Some of his character traits could label Meursault as an existentialist because he does not care about anything except physical things. When his mother died many other people were crying but all Meursault worried about was the heat. He is very honest as well and he does not try to cover up the fact tha... ... middle of paper ... .... He wanted to file a legal appeal but he knew they would all get rejected. Meursault was not sentenced to death because he killed the Arab but because of his absence of emotion to his mother’s death.
Furthermore the society that he was living in believed that one should mourn over death and because he didn’t mourn that only made him an outsider or a monster. You only have one mother so why would Meursault act so calm and okay when at his mother funeral. Also at the very beginning of the book Meursault didn’t even know the day that his mother had died on he said “Maman died today. Or yesterday maybe. I don’t know.” (pg 1) By reading this quote it is understood that he didn’t care how or when his mother died he just accepted that she was gone.
To begin with, Meursault follows the phrase “existence precedes essence.” Meursault does not follow cultural norms and is defined through his actions. He does not determine himself through a title like his job and believes that “none of it really [matters]” (Camus 41). He does not believe in God and thinks that questions about deities and the universe “[seem] unimportant” (Camus 41). Meursault’s experiences also align themselves with this existential idea. Not only does he not cry at his mother’s funeral, which is important in society, but he kills the Arab for no particular reason.
The prosecution itself is viewed as absurd. The prosecutor tries to persuade the jury that Meursault has no feelings or morals by asking Perez if “he had at least seen [Meursault] cry” (91). The prosecutor then continues to turn the crowd against Meursault when he asks him about his “liaison” with Marie right after his mother’s death. Though Meursault’s relationship with Marie and his lack of emotions at his mother’s funeral may seem unrelated to his murder, the prosecutor still manages to convince the crowd that they are connected to one another. The jury ends up convicting Meursault not because he killed a man, but because he didn't show the proper emotions after his mother ... ... middle of paper ... ...ent, they end up ignoring the truth.
To most people in society, he would be a monster for not knowing the date his mom died or for not showing any grief or anguish at his mom’s death. It's not that he had a positive or negative emotional disposition towards the death or the funeral, but the fact was simply that his mom died. In fact, he states later that he “probably did love Maman, but that didn't mean anything” (65). While he stated that he probably did love her, he attaches no meaning to the love or the death, merely stating them as occurrences, perhaps alluding to the fact that Camus was an absurdist, and as we later learn through Meursault, Camus perhaps wished to dem... ... middle of paper ... ... the view of indifference to life, taking neither or a positive or negative stance on it. Through Meursault's venture in The Stranger, Camus expressed the idea of absurdism.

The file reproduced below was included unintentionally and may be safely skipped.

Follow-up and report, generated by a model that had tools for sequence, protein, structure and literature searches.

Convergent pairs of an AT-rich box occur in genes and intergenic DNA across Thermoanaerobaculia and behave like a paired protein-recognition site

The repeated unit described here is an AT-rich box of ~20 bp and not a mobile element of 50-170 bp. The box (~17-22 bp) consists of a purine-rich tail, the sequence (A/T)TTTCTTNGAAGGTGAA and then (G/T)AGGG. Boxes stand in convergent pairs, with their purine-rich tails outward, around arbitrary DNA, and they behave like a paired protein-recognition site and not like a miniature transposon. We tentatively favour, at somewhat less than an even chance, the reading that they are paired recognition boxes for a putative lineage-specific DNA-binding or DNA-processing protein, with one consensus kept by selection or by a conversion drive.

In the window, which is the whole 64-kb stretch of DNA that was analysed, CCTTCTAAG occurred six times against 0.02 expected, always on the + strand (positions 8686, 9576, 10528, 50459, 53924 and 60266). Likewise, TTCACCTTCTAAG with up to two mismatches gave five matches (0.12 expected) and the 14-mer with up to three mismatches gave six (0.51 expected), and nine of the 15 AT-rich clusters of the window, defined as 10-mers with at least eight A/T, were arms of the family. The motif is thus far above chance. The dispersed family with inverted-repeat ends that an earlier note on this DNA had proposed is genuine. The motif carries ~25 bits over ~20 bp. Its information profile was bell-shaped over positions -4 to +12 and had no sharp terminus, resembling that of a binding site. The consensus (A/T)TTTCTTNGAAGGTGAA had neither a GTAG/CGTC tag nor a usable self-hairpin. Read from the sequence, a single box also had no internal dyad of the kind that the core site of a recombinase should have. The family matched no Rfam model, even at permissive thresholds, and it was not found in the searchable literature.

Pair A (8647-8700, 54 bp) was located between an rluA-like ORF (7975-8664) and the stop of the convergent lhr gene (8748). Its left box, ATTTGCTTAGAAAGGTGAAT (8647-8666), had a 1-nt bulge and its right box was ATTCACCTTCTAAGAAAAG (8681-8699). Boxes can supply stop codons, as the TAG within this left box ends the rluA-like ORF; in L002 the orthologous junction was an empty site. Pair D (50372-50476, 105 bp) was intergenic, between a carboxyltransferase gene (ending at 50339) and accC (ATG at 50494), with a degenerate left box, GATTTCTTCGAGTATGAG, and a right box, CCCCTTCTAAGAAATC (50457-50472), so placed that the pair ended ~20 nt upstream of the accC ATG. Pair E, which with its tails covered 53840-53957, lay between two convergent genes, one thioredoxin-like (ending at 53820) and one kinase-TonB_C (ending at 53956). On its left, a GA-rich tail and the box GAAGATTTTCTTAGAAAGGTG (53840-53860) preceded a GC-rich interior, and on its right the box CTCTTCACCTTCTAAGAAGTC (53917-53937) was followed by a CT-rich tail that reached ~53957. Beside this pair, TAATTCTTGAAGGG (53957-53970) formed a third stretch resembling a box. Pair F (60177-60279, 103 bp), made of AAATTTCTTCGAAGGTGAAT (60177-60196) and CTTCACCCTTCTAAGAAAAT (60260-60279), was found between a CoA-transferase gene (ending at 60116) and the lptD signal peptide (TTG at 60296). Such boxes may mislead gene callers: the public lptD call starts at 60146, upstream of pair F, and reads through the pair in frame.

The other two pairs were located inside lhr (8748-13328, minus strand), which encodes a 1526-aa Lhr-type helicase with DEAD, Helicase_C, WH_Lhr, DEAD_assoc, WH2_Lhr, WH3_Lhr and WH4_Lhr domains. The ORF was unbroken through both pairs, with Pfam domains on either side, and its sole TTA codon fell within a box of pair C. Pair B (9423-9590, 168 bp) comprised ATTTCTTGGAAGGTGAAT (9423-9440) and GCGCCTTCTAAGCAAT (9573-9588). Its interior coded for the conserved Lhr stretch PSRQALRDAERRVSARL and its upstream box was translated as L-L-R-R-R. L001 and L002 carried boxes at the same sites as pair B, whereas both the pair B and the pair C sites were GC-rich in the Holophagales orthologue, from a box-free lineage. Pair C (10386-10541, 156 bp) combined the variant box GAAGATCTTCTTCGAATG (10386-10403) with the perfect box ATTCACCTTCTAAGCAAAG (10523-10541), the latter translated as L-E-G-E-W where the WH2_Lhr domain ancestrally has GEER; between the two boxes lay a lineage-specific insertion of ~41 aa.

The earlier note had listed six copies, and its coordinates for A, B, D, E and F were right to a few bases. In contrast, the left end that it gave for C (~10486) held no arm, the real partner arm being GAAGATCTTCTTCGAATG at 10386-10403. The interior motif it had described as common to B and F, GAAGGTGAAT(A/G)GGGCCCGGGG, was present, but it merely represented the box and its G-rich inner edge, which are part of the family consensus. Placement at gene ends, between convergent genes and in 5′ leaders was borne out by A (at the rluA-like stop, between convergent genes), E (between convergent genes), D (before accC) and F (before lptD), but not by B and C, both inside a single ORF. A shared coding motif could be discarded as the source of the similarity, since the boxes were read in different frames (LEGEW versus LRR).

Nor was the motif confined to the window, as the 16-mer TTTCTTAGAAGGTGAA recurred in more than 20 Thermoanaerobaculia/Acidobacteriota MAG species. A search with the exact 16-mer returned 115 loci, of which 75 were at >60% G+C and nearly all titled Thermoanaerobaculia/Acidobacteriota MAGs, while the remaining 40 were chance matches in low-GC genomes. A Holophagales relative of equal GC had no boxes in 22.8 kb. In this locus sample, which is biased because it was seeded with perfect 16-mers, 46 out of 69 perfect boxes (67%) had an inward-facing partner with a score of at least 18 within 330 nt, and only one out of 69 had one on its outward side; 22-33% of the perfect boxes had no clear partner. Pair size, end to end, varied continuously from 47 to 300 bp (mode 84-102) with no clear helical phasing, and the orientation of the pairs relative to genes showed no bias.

Because he distrusts the Ghost, Hamlet is not true to his father. However, when his plan proves to him that the Ghost’s words are true, Hamlet still does not act; he still cannot avenge his father’s murder. Hamlet decides not to kill Claudius, using the fact that he is praying as an excuse. Hamlet does not want Claudius’s soul to go to heaven, therefore he decides not to kill him, explaining: “A villain kills my father, and for that, I, his sole son, do the same villain send to heaven” (3.3, 76-78). However, after trying to pray, the King claims that his prayers were not heard: “My words fly up, my thoughts remain below.
Creon declares Polyneices not to be buried, punishes and kills Antigone for trying to give her brother a proper burial, lets no one mourn his death (SP4). Although Creon didn’t kill himself he has to live with his knowing that he brought this tragedy on himself. Both characters were challenged together in separate ways with both unfortunate outcomes. In both stories we know that Okonkwo and Creon rule by fear and they both believe that having power is the most important thing; it isn’t (SP1). That trait of fear of weakness may as well of been both Okonkwo and Creon’s tragic flaw which caused the two their devastating downfall.
However, the townspeople and Scratchy are disappointed to find him married, unarmed, and unwilling to fight. Before Jack arrived the townspeople were hoping for his arrival to cool off the situation. As one bartender said, "'I wish Jack Potter was back from San Anton', he shot Wilson up once--in the leg--and he would sail in and pull out the kinks in this thing'" (215). This quote and Jack's shamefulness are what leads people into discussions of this story. Jack Potter's marriage was kept secret from any of his friends and family, so his new wife was something unknown to anyone.
Shapiro's disparagement of Thomas's style could be seen as being nave; Thomas employed an individual approach to poetry and this approach encapsulated Thomas's attitude towards society. Thomas spent his life struggling against what he saw as the "chains" of society's structures but also his acceptance that they are necessary and this can be seen in his poetry by the outward appearance that they lack structure but the deeper structures found within them. Thomas tried to confuse critics so that they couldn't pigeonhole him into a certain type of poem, not only this but he also disliked writing titles to his poems as that categorised them - in some publications of '18 Poems' the poems are just numbered. His unique style and experimentation caused him to become a cultural icon, and he is probably the most famous welsh poet.